Defeating groupism will be difficult. Groups give us a sense security and significance. Not only that, many of us were raised on groupism. Groupism started for us with rooting for hometown and school sports teams and then it affects how we register to vote. A possible result of this is that we expect our government to rely on groupism too. But unless we are willing to limit our affection and allegiance to any group, our groupism will distract us from promoting equality and will push us into presuming we are superior. If we think we are superior, we will feel entitled and will try to dominate. The result of groupism is that its victims resist control and feel enraged when favoritism trumps fairness and justice.
We must also undo our addiction to materialism. At the worst, our materialism habit causes us to hoard resources and wealth. The more we accumulate for ourselves, the less there is for others. The less there is for others, the more we, or our mercenaries, must dominate so we can keep what we have because the result of our hoarding oppresses the have-nots.
At the least, our materialism becomes an escape from a disturbing world. That is our possessions provide a comfortable cocoon in which to live. When we live in that cocoon, we are shielded from the suffering of have-nots. At this point, a law of physics takes over. That law states that an object that lives in comfort, stays in comfort. People who do not live in comfort, however, are not bound by that law.
If we are to overcome this materialism, then we must prefer to accumulate connections with others to amassing riches. And the most meaningful connections we can accumulate are those that include people in need. In other words, we, as individuals and as a nation, need to put a higher priority on sharing than getting or controlling. If we do more than superficially share, we just might be pleasantly surprised by the results.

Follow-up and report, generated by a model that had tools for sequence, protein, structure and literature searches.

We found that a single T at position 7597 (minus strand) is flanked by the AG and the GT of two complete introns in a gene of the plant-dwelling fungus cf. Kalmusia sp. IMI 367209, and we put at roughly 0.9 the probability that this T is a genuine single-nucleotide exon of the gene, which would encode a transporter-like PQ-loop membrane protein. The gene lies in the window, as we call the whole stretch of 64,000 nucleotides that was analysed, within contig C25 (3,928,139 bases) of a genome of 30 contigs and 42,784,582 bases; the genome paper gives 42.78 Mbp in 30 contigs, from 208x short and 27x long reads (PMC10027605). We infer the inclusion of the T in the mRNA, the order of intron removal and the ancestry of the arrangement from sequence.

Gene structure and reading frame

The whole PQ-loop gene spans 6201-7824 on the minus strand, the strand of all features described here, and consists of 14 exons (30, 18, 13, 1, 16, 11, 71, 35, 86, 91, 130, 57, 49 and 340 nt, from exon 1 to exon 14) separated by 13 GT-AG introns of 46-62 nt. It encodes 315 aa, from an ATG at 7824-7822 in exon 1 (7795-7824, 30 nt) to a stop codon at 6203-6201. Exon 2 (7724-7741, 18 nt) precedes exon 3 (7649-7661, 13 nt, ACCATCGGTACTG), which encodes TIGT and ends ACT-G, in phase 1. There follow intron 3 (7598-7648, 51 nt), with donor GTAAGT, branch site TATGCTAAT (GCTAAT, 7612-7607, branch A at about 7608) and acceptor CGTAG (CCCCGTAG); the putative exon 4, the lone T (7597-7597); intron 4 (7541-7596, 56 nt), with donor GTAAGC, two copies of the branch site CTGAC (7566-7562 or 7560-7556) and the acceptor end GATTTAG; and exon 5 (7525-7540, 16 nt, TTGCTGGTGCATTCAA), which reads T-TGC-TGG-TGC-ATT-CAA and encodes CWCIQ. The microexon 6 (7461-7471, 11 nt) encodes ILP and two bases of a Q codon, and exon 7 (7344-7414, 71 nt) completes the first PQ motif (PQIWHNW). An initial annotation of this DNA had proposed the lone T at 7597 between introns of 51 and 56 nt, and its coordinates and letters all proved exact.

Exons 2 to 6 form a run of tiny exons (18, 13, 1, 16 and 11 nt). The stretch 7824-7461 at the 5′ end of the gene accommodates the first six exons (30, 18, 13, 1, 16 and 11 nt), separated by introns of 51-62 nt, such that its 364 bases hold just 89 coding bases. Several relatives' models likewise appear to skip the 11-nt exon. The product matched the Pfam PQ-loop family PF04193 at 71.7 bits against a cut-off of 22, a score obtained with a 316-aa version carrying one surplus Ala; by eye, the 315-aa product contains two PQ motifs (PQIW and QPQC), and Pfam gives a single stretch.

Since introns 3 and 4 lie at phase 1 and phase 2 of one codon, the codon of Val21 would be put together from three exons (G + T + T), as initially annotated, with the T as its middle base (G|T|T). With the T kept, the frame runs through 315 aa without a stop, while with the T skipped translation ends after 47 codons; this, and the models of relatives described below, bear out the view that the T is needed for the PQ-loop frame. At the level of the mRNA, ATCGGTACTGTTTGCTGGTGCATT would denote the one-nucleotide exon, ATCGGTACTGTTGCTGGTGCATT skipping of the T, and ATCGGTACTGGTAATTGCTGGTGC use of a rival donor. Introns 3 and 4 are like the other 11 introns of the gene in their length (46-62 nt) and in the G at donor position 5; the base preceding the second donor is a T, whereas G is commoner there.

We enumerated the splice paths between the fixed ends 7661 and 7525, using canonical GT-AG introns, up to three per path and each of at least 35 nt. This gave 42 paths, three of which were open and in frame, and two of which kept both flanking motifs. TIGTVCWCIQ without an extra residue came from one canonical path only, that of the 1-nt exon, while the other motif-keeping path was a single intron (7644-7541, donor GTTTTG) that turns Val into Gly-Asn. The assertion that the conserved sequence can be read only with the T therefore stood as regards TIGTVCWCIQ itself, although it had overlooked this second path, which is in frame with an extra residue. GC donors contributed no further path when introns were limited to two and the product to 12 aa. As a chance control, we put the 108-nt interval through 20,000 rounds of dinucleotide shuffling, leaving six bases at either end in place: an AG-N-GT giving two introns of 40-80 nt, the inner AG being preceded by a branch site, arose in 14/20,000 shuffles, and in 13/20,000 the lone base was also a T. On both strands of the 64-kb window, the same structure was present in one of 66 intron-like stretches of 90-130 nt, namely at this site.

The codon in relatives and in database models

Finally, we must forsake the all or nothing thinking that says that one is either for us or against us. Though Bush made this approach popular, the origin of this all or nothing thinking goes back to the start of the Cold War. This all or nothing thinking trapped us into deciding to attack leftist regimes rather than working with them. Overthrowing Iran's Parliamentary government in 1953 because it was seen as moving towards Communism when it planned to nationalize oil resources caused a tragic chain reaction of events and failed decisions that we still are suffering through today. Instead of seeing nations or people as being polar opposites, we need to see that all of us are on different locations on the same continuum. The implication here is that we can better avoid or resolve conflicts when we recognize common concerns and values we have with adversaries.
Though we need a revolution today to prevent the two trains from colliding, we do not need a violent revolution that overthrows the government; violence is what we want to eliminate because it will be self-destructive. Rather, we need a revolution that calls on us to change as much as it demands that our government change. And though people will call this kind of revolution naive; if this revolution fails and the two trains meet, then life on earth as we know it will be called utopian.